Simple, vivid, compelling: the blinking heart of the city

By Sebastian Smee
Globe Staff / July 5, 2011

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It’s hardly a hidden treasure. Nor is it exactly in a frame. But I wanted Boston’s Citgo sign to feature in this series because, for all its fame, it’s rarely discussed as a piece of public art.

Should it be? It is, after all, an advertisement. And for a dirty great oil company owned by the Venezuelan government, too.

And yet, over 45 years, the Citgo sign has become a Boston landmark - an icon, even - and it’s easy to see why. Double-sided, and measuring 60 feet by 60 feet, the sign commands attention like nothing else in the city. A signpost to drivers, a lure to Red Sox sluggers, a 20-mile marker in the Boston Marathon, and reportedly even an aid in timing contractions for laboring women in nearby Beth Israel Deaconess Medical Center, it has also inspired generations of art students.

What do they find so compelling about it? I drove from Somerville the other night to get a closer look. The approach was instructive. The views are good from both the Boston University and Massachusetts Avenue bridges. Seeing the sign from afar, you notice how vivid, simple, and symmetrical it is. Also, that it has almost no competition from other elevated signs. (Put the Citgo sign in Times Square, and it’s doubtful it would register. In Kenmore Square, it’s nothing if not conspicuous.)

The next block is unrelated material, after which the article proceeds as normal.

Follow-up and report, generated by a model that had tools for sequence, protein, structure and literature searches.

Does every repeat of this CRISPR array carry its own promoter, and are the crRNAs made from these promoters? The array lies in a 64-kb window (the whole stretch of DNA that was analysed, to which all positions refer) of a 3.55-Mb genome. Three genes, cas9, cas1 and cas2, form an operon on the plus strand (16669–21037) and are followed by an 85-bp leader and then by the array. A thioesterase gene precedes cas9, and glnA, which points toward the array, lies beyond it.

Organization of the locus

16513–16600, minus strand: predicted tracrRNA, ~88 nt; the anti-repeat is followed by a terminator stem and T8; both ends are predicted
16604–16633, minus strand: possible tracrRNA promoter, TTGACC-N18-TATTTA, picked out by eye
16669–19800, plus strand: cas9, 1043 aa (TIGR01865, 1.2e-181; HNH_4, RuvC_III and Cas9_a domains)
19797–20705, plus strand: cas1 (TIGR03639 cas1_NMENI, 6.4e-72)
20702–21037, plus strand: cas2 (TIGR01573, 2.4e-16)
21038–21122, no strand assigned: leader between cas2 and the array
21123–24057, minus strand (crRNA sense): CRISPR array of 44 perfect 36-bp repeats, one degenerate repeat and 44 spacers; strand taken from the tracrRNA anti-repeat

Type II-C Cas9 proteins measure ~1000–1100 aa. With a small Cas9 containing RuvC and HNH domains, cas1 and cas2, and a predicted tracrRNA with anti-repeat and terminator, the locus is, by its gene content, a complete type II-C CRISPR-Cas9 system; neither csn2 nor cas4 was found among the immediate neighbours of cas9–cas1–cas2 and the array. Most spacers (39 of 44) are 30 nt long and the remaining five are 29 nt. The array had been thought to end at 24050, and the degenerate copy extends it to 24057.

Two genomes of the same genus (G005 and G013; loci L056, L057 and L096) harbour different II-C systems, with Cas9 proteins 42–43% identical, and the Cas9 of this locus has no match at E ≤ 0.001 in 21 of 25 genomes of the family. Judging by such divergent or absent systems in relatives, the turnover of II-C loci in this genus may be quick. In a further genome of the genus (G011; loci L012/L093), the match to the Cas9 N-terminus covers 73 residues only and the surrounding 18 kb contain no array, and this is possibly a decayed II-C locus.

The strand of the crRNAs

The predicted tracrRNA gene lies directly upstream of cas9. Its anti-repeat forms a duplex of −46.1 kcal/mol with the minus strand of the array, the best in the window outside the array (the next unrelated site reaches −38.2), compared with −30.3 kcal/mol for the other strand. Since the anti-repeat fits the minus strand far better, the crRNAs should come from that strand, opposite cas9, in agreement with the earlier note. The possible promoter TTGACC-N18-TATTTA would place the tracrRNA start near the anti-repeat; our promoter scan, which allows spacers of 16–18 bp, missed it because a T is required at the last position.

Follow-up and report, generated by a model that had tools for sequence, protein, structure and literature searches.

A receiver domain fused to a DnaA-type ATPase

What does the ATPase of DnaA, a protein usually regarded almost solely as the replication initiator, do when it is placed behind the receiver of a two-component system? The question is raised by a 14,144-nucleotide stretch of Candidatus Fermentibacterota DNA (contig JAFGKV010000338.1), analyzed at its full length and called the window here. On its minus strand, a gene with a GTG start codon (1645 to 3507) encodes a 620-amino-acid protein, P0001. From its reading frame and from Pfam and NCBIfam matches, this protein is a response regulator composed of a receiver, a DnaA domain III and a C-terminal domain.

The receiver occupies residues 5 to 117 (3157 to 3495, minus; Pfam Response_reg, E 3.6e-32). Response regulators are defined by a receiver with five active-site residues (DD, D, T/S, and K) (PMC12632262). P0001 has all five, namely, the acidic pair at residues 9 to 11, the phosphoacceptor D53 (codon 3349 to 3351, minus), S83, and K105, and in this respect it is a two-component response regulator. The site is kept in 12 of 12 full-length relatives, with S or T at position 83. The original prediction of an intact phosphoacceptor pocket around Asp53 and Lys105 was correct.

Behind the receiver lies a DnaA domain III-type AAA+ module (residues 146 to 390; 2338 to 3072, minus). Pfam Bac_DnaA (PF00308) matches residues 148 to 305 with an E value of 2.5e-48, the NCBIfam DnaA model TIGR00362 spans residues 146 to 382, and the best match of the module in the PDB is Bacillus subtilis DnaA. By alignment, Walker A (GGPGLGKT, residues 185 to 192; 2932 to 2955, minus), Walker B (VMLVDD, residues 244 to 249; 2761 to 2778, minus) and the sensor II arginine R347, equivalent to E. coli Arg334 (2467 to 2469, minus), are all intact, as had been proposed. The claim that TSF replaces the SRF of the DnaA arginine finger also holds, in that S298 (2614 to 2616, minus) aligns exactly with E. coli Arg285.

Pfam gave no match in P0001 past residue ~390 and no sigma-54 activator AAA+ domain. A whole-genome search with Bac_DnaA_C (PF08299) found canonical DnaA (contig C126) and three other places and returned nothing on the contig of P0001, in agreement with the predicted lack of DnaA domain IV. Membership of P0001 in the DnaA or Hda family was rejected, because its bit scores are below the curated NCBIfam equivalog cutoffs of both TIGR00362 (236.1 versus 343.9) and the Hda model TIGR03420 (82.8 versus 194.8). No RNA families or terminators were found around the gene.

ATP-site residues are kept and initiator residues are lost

But it’s only up close, and at night, that the sign, which was overhauled last year, becomes truly captivating. Each night, its 218,000 colored LED lights perform a seamless, computer-generated choreography, as the white horizontal stripes go out one by one, in descending order, then on again, ascending.

The red lights forming the central triangle, which is designed to suggest three-dimensionality, then do a similar disappearing trick, from outside to in. If you’re feeling susceptible, the effect is ominous - like an implacable nightmare, a message in binary code threatening extinction . . . then (phew!) they reappear, with the same metronomic regularity. Finally, the whole image snaps back into place. The satisfaction is palpable, as when a zipper is successfully closed on an overstuffed suitcase. Keep watching, and this repeating choreography of colored light drugs the mind.

Staring at it for over 10 minutes, I felt as I do when treading water in the ocean, staring at the infinitely undulating waves as they take on an implacable, almost digital quality. The mind surrenders control, it has no choice.

Combining simplicity and scale with coolly shifting patterns of colored light, the Citgo sign has a force and presence that even the likes of abstract and minimalist superstars like Frank Stella, Dan Flavin, and Sol LeWitt must envy.

Sebastian Smee can be reached at